Manila musings


Fort Santiago in Intramuros

A recent visit to Mardid made me think of my trip to Manila back in June. Interestingly, just like Madrid, Manila – known then as Maynila – used to be a Muslim settlement until Spanish general Miguel López de Legazpi paid a visit to local ruler Rajah Sulayman in 1571 and established a colonial city. History of the Philippines from that point on was aptly described by Pulitzer Prize-winning journalist Stanley Karnow as “300 years in a Catholic convent, and 50 years in Hollywood.” He brilliantly spells out the details of Spain’s three centuries long dominion over the archipelago and America’s foray into a colonial adventure there in his book In Our Image: America’s Empire in the Philippines.

Even though I had never been to the Philippines before, Manila filled me with a strange sensation of multiple dimensions of déjà vu. First, there is the Spanish influence over architecture, especially in the historic district of Intramuros. Looking at the Manila Cathedral I had to pinch myself and kept repeating: “I’m not in Mexico, I’m not in Mexico.” Incidentally, during the Spanish colonial period that’s where the Philippines were administered from rather than by Spain proper. The Manila-Acapulco galleon trade route brought Far East riches to the Americas and flourished from 1571 until 1815, ended by the Mexican War of Independence.

Intramuros haciendas such as Casa Manila (meticulously reconstructed by Imelda Marcos as a showcase of the 19th century colonial lifestyle) with its beautiful balconies and slim shutters reminded me of Lima and for a good reason. I was intrigued by the similarity of physical construction: lower floors made out of stone and upper out of wood. I was told the connection is earthquakes – lighter and more flexible wooden upper structure is less likely to collapse in an event of one.

Manila Cathedral

Casa Manila

Interior courtyard of Casa Manila

By the way, a great place to eat around there is atmospheric Ilustrado restaurant where I had great callos a la Madrileña.

Callos a la Madrileña at the Ilustrado

Second, there is the language and daily surroundings – a bi-lingual déjà vu here. Street names, and names in general, are all Spanish but nobody actually speaks it with an exception of the really old guard. Instead almost everyone speaks English and the pervasiveness of American brands – from Starbucks to 711 is uncanny. Jeepneys are the leading mode of public transportation. And of course MacArthur is a national hero.

Third, there is the Catholic thing. I hadn’t previously given much thought to the Catholic Church as a unifying cultural force in so many places of the globe throughout the ages, but in the Philippines I could clearly feel it given my Polish roots. My favorite church in Manila, San Agustín, felt inexplicably familiar and I kept thinking it might as well be in Warsaw. Speaking of Warsaw, there is another, more painful link with Manila. Both cities were virtually wiped out during WWII, with Manila sustaining the heaviest destruction after Warsaw. And they both re-built. San Augustin feels so special in part because it was one of the few structures in Intramuros that did survive. Completed in 1607, it is the oldest church in the country.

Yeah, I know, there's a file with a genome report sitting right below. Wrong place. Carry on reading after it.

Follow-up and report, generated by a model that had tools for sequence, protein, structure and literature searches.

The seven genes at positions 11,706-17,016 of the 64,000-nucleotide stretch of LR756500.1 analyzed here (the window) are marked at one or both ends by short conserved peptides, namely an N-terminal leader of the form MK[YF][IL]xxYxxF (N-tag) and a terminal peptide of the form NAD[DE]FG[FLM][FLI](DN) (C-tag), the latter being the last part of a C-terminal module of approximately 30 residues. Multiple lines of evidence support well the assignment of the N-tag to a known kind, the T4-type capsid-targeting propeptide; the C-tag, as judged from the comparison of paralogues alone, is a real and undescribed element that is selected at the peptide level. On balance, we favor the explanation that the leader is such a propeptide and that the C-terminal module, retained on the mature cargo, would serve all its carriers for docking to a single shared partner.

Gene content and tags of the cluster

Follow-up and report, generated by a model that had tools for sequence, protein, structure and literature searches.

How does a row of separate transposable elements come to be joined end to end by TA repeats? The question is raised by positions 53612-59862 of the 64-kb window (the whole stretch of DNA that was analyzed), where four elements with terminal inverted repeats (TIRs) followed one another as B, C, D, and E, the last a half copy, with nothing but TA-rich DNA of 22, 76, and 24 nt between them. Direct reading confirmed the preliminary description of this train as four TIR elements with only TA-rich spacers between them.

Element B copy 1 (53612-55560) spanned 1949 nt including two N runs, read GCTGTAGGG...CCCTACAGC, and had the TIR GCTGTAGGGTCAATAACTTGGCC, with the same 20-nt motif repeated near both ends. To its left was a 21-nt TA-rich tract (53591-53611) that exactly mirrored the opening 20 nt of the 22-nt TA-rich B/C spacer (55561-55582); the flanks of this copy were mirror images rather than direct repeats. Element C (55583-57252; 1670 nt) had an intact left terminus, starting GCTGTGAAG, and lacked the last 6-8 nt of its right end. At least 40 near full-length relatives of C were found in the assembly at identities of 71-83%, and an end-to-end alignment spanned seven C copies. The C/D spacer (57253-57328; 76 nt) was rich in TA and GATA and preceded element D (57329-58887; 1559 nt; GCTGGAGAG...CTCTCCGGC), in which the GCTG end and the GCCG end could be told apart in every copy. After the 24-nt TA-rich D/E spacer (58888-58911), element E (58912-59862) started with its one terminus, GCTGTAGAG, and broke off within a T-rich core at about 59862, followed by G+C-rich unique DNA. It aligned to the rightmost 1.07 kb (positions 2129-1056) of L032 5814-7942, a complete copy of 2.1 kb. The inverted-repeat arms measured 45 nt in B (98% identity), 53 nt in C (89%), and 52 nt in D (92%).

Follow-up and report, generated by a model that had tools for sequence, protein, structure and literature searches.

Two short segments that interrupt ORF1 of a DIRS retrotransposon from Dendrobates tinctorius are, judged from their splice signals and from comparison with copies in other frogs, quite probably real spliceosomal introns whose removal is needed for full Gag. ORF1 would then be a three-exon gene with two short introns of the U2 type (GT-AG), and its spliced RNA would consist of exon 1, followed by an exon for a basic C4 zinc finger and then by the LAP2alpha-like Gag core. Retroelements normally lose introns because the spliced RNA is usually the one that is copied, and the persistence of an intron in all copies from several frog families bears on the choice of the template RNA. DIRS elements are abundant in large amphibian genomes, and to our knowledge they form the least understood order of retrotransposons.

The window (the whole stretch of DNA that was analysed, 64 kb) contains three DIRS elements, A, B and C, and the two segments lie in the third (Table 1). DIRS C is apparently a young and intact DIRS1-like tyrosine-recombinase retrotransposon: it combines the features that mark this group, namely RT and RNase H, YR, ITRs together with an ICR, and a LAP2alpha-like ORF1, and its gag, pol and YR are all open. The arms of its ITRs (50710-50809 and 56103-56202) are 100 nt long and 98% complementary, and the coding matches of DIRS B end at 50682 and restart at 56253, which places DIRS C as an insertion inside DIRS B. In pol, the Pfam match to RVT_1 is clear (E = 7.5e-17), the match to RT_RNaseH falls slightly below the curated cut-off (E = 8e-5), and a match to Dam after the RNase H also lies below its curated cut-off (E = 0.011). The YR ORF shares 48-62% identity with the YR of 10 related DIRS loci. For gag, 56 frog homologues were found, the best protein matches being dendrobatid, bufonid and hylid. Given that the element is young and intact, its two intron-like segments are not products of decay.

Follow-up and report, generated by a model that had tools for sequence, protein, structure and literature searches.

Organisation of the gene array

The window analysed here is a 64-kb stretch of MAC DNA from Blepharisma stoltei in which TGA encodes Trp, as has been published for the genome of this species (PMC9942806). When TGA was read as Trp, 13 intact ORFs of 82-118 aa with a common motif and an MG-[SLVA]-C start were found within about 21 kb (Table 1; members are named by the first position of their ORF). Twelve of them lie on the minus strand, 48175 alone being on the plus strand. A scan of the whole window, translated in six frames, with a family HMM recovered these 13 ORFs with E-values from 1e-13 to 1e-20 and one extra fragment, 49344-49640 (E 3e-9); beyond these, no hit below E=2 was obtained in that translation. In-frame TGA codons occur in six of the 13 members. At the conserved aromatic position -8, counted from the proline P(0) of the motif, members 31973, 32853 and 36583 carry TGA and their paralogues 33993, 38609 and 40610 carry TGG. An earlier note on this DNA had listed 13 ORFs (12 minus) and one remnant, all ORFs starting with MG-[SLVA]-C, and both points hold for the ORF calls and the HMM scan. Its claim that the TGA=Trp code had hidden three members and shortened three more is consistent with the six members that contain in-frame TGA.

San Augustín Church

The dazzling interior of the San Agustín Church

One of the many religious artifacts on display in the adjacent museum (formerly a monastery)

I also have to mention my second favorite church that’s much more off the beaten tourist path, Nuestra Señora de Gracia in Guadelupe Viejo district of Makati City.

Front facade of Nuestra Señora de Gracia Church

Most people go to Makati, where I stayed, for business or shopping in gigantic malls (which nota bene is a national obsession and a lifestyle here). But few realize that just a few hundred yards behind the posh Rockwell Mall the scenery drastically changes from a bustling high-end metropolis to a much simpler village-like setting. The 21st and 17th centuries collide. Finished in 1629, the church has since suffered earthquake and fire damage but has been repaired to some degree and is in active use. In fact, couples that can’t afford a wedding in the Cathedral tie the knot here for great photo ops. Seeing its magnificent steps and time-weathered exterior almost feels like discovering an archeological find – except you can still see the high rises in the background.

Manila is the city of many such contrasts that I only began to touch upon here. Old and new, Spanish and American, rich and poor. It’s the halo-halo (popular local dessert – halò in Tagalog means “mix”) of traditions and influences. I really enjoyed that mix, warts and all.

Read on:


8 responses »

  1. Hey, Ania! I’m happy with what you wrote about our country. I hope I knew you before so I can tell you many more interesting places here in the Philippines, one of which is my province, Iloilo, and of course my hometown, Oton. I hope you’ll come back here and it will be my pleasure to show you around. 🙂

  2. Wow! Your post gave me chills. What a beautiful writing. You greatly captured the history and nuance of the country in so short a post. I was from the Philippines and currently live in New York. It’s nice to read thoughtful insights about Manila and the country as a whole. I hope you can go back to visit and see more of what the Philippines has to offer.

      • Ania, those are beautiful photos! Thanks for adding them. It’s been a long while since I visited Intramuros and the photos make me nostalgic. I should make it a point to go there next time I visit the Philippines.
        By the way, I’m aspiring to start a travel photoblog. I will send you the link once I have it up and hopefully my photos of some parts of the Philippines will inspire you to visit them.:)

  3. Pingback: Best sunset ever | Sandstone and amber

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